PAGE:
Because protein represents structural and functional components, erosion of lean tissue delays wound healing, compromises immune function, and diminishes muscle strength after surgery.51,52 The ensuing muscle weakness prolongs mechanical ventilation, inhibits coughing, and impedes mobilization, thereby causing morbidity and complicating convalescence.53,54 The length of time for return of normal physiologic function after discharge from the hospital is related to the extent of lean body loss during hospitalization.54
Significant mortality occurs after critically ill patients are discharged from the intensive care unit (ICU) and hospital.16 Many of these deaths are ascribed to the loss of muscle mass, inadequate physical activity, muscle weakness, and the inability to mobilize.
Studies performed in a small number of patients over a six-year period in Sweden (1990-1996) report a correlation between the postoperative decrease in the patient’s insulin sensitivity and length of hospital stay.25 In a larger cardiac surgery patient population, intraoperative insulin resistance was associated with clinical outcome.45 Independent of the patient’s diabetic state, for every 20% decrease in insulin sensitivity, the risk of serious complications (mortality, myocardial failure, stroke, dialysis, and infection) more than doubled.45 These findings support the assumption that, perioperatively, acute alterations in glucose homeostasis, i.e., the “diabetes of the injury”, predict adverse events better than the presence or absence of diabetes mellitus itself.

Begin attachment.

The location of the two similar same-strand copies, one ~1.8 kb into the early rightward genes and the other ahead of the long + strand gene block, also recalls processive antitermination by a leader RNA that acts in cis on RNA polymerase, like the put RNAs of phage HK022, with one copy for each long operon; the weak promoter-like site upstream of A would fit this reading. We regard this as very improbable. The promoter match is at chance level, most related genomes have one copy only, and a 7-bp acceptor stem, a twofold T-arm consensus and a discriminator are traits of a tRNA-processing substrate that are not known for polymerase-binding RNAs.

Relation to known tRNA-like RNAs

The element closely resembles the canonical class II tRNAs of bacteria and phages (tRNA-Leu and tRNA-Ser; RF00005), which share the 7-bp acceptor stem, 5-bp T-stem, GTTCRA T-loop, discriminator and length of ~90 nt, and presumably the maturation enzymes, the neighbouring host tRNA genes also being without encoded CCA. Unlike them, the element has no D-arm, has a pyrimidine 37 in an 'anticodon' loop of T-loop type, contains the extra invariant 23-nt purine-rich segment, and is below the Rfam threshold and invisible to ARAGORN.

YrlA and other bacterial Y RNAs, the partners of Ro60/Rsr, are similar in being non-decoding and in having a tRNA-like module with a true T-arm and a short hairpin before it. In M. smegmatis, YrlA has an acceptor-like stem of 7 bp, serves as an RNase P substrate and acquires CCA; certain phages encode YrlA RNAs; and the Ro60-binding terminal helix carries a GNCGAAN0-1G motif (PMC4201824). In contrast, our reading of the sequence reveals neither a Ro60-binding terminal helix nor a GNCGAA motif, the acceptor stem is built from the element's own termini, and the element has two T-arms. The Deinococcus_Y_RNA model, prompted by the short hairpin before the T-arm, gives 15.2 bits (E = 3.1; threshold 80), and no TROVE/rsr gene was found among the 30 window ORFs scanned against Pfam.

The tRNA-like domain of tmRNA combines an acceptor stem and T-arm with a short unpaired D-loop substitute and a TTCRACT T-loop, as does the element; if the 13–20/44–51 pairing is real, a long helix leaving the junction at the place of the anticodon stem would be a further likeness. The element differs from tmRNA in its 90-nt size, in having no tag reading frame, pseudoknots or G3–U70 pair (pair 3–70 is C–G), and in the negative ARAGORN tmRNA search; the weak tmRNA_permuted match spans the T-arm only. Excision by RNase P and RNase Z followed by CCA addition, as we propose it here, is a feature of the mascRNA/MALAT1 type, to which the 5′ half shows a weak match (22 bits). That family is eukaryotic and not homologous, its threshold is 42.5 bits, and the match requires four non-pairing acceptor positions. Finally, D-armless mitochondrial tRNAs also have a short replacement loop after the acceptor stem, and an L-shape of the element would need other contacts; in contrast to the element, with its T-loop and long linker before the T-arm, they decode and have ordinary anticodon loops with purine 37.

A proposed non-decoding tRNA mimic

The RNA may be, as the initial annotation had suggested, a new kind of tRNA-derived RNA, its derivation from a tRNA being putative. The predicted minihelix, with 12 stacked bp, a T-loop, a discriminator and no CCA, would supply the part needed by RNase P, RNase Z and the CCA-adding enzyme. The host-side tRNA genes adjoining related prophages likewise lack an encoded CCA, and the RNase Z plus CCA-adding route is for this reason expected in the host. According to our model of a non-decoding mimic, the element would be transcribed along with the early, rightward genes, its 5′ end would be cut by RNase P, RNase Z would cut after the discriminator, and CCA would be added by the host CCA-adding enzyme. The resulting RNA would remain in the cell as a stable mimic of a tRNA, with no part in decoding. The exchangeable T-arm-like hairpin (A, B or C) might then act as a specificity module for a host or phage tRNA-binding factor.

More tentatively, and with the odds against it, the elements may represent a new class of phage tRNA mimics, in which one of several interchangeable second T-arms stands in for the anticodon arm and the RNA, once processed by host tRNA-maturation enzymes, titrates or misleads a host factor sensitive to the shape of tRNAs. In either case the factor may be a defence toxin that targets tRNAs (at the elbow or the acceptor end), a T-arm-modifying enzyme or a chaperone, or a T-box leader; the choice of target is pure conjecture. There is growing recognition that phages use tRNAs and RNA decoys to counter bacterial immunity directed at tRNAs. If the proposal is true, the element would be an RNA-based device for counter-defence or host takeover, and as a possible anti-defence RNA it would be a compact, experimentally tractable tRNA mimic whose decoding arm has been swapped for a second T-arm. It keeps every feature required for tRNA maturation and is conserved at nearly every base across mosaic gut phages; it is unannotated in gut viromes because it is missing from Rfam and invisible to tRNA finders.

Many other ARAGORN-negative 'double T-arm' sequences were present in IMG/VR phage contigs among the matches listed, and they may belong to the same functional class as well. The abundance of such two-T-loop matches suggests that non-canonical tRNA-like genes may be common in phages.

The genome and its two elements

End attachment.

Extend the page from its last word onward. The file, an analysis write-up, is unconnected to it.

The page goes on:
The clinically important question is whether the catabolic stress response is a mere reflection of the severity of the underlying disease or whether the complications associated with catabolism can be reduced by its prevention or treatment. Hence, a number of strategies have been designed to minimize catabolic illness and, ideally, enhance outcome.55
Such therapies include the administration of endocrine (growth hormone,56,57 insulin,58 glucagon-like peptide-1,59 steroids) or other agents (ß-blocker),60 glycemic control,61 various types of anesthesia (epidural anesthesia, intravenous opioids),28,62 as well as nutritional support, in particular the provision of specific nutrients such as polyols (xylitol, sorbitol), fructose,63-65 and amino acids (glutamine, arginine, branched chain amino acids,66-68 α-ketoanalogues).69
Due to lack of effectiveness (branched chain amino acids, glutamine,70 α-ketoanalogues, intravenous opioids), unavailability in North America (polyols, fructose), cost and side effects (growth hormone, steroids, xylitol),71,72 only two treatment modalities are presently used in clinical practice – glycemic control and nutritional support.
Pioneering observational studies conducted in diabetic patients undergoing open heart surgery in Portland, Oregon, USA, showed reduced morbidity and mortality with improved glycemic management.73 In 2001, the Leuven-I study showed superior outcomes with maintenance of normoglycemia, i.e., a mean blood glucose of 4.4-6.1 mmol·L−1.61
In critically ill patients, predominantly after cardiac procedures, mortality decreased by 50%. Besides saving lives, normoglycemia reduced the risk of infection, acute renal failure, liver dysfunction, peripheral neuropathy, muscle weakness, and anemia.